There are several ancient coins that match the TS.
Justin Robinson notes theses similarities in his blog, Byzantine Coins, the Shroud of Turin and the Holy Grail.
At some time during the short but distinguished reign of Byzantine Emperor John I Tzimiskes (AD 969- 976), an artist working at the Constantinople Mint was entrusted with the task of engraving an image of Jesus Christ for a new bronze follis. Earlier emperors had depicted Christ on gold and silver coins, but this was the first time that his likeness would appear on a mass-produced circulating coin.
The Emperor’s decision to depict Christ on his coinage instead of his own portrait may have been prompted by an exciting new acquisition. Constantinople had recently taken ownership of the holiest relic in Christendom, a mysterious image of Christ ‘not made by human hands’ but miraculously transferred onto a cloth, it was said, by Christ himself. Although it was considered too holy to go on public display at the time, our coin engraver would almost certainly have been granted the privilege of entering the Pharos chapel of Constantinople’s Imperial Palace for a special viewing in order to capture a good likeness.
The cloth had arrived in Constantinople amidst much rejoicing on 15th August 944 after being acquired from the city of Edessa (today, Urfa in Southern Turkey). According to local legend, it had been presented to King Abgar of Edessa by Jesus’ disciples when he became the first ruler to convert to Christianity. However, when the King died, the city reverted to paganism, and the cloth was hidden to protect it. Workers repairing the city walls in AD 525 stumbled upon it in a niche high above one of the main gates.
The first coins with Christ on it was in the late 7th century.
The first coins to depict Christ were struck almost three centuries earlier during the reign of Emperor Justinian II (AD 692–695). On that occasion, the coin engravers may have made the 800 mile trip to Edessa to see the Mandylion for themselves. Both the gold solidus and the smaller gold tremissis (one third the weight of the solidus) incorporate many intricate details present in the mysterious image. However, political instability in the region may have restricted future access to the cloth, and later designs appear to have been copies of the first strikes. During the Eighth Century, a fierce debate raged through the Eastern Church about whether it was heretical to make images of the Son of God. Many paintings of Christ were destroyed, and no coins were struck bearing his image for over a Century until the debate was resolved.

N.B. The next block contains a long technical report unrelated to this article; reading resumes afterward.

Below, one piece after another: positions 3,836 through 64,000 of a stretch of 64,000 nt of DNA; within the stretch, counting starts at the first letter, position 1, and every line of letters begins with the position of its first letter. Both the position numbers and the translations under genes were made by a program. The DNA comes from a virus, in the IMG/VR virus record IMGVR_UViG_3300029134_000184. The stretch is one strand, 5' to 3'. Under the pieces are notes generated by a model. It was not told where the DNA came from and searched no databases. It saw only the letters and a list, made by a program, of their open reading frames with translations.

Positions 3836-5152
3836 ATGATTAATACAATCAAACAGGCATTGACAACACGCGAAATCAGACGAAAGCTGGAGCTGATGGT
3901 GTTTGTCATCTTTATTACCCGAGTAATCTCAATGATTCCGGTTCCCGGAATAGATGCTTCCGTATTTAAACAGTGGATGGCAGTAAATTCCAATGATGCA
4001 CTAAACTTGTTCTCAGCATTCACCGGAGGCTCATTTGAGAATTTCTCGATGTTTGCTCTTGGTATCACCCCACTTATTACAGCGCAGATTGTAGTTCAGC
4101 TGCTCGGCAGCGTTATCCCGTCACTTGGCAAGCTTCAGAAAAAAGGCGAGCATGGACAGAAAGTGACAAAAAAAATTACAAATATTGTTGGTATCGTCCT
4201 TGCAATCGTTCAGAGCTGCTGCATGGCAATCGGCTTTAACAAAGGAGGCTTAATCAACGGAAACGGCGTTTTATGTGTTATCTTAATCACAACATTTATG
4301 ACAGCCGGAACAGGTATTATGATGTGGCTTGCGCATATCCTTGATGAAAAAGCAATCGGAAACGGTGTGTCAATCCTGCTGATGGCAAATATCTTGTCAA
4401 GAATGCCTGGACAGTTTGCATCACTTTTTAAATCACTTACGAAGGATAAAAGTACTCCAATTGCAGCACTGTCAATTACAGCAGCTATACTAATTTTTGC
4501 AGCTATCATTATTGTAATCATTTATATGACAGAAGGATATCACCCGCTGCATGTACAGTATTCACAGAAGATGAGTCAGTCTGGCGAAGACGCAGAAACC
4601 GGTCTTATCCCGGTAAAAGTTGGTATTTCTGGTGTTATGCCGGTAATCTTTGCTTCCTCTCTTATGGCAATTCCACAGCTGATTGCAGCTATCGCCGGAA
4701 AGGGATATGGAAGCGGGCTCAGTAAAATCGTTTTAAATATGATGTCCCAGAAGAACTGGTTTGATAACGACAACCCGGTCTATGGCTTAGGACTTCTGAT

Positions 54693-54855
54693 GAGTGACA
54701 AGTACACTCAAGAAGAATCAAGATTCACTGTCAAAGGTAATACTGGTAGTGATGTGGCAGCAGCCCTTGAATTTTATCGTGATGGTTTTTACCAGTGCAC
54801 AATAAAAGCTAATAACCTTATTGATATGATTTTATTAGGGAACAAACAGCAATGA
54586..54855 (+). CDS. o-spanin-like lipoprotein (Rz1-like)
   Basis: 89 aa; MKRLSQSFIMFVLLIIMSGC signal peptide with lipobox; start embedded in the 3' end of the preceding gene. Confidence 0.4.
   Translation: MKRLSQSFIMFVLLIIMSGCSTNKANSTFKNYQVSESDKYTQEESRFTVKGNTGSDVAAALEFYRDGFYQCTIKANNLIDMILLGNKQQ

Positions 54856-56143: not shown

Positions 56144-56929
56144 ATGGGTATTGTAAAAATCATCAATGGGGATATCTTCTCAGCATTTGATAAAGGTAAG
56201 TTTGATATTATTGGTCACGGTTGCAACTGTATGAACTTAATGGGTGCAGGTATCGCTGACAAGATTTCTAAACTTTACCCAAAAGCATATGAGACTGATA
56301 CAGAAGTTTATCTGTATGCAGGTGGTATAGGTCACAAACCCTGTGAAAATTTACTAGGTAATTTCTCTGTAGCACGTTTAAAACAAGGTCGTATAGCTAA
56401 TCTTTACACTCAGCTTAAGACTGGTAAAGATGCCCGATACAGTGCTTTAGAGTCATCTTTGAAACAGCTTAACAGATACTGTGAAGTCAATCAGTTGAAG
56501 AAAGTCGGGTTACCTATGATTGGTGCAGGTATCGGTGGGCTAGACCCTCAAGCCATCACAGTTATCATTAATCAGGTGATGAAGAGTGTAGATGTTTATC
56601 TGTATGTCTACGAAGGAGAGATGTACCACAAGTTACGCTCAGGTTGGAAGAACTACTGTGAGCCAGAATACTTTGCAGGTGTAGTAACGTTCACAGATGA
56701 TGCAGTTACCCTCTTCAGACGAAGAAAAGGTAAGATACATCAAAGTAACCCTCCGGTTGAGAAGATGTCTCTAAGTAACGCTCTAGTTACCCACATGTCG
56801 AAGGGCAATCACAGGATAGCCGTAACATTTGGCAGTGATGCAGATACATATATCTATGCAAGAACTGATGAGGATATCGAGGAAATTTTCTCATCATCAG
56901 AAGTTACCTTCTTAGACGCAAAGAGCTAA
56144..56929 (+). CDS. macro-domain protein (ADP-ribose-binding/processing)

Coins are small so there is limited room to make an entirely accurate depiction of the image on the TS. But to make such a similar rendition on a 1 cm coin is impressive.
When flipped and viewed alongside an image of the face on the Shroud, the similarities are extraordinary, especially when you consider that our engraver was working on an area little more than a centimetre in diameter.
Hugh Farey, in his blog Follis Follies gives an annotated comparison.
Byzantine Follis (AD 969-976)
“Most striking of all is the distinctive cross shape incorporating the eyebrows, forehead and nose. There is a long horizontal band above the eyes, bisected by a long vertical line that starts at the hairline and extends downwards to become a long nose.  The base of the nose connects to a smaller horizontal line that forms the moustache, which slopes down slightly on the left-hand side.  There is a distinctive mark on the right cheek , and beneath the moustache is a small square and a forked beard.  The long hair, which hangs down on both sides of the face, has two parallel strands of hair at the bottom left of the image.  These features can be seen clearly on the Shroud image, and the result is a coin that resembles the Shroud image far too closely to be dismissed as a coincidence.”
Byzantine Follis (AD 1028-1041)
“Intriguingly, there is a tiny mark in the centre parting of the hair in the forehead that resembles the inverted “3” shaped bloodstain that appears on the Shroud in the same area.  In addition, the coin artist has replicated the way that the long hair appears to bunch at the shoulders.  The eyebrows are represented with a long horizontal line, and there is the suggestion that the right eyebrow is slightly higher than the left.  There is also a wound-like mark on the right cheek , a moustache that appears to slope down to the left  and, most striking of all, a horizontal band across the throat.”
Farey admits there are similarities between the coins and the TS image, but claims it is not authoritative.
Although all these folles show some general similarities, they none of them give us an authoritative version of the epitome they were generally copying.
The question is not if the similarities are authoritative, but what is the most reasonable explanation of the similarities? As is the case with the similarities with the art depictions of Jesus, the coin depictions come from a single archetype. The most parsimonious explanation of artwork and coins is from the TS.
Guilio Fanti wrote a book Byzantine Coins Influenced by the Shroud of Christ . Unfortunately, the price is above my budget.
Justin Robinson discusses coins in these videos: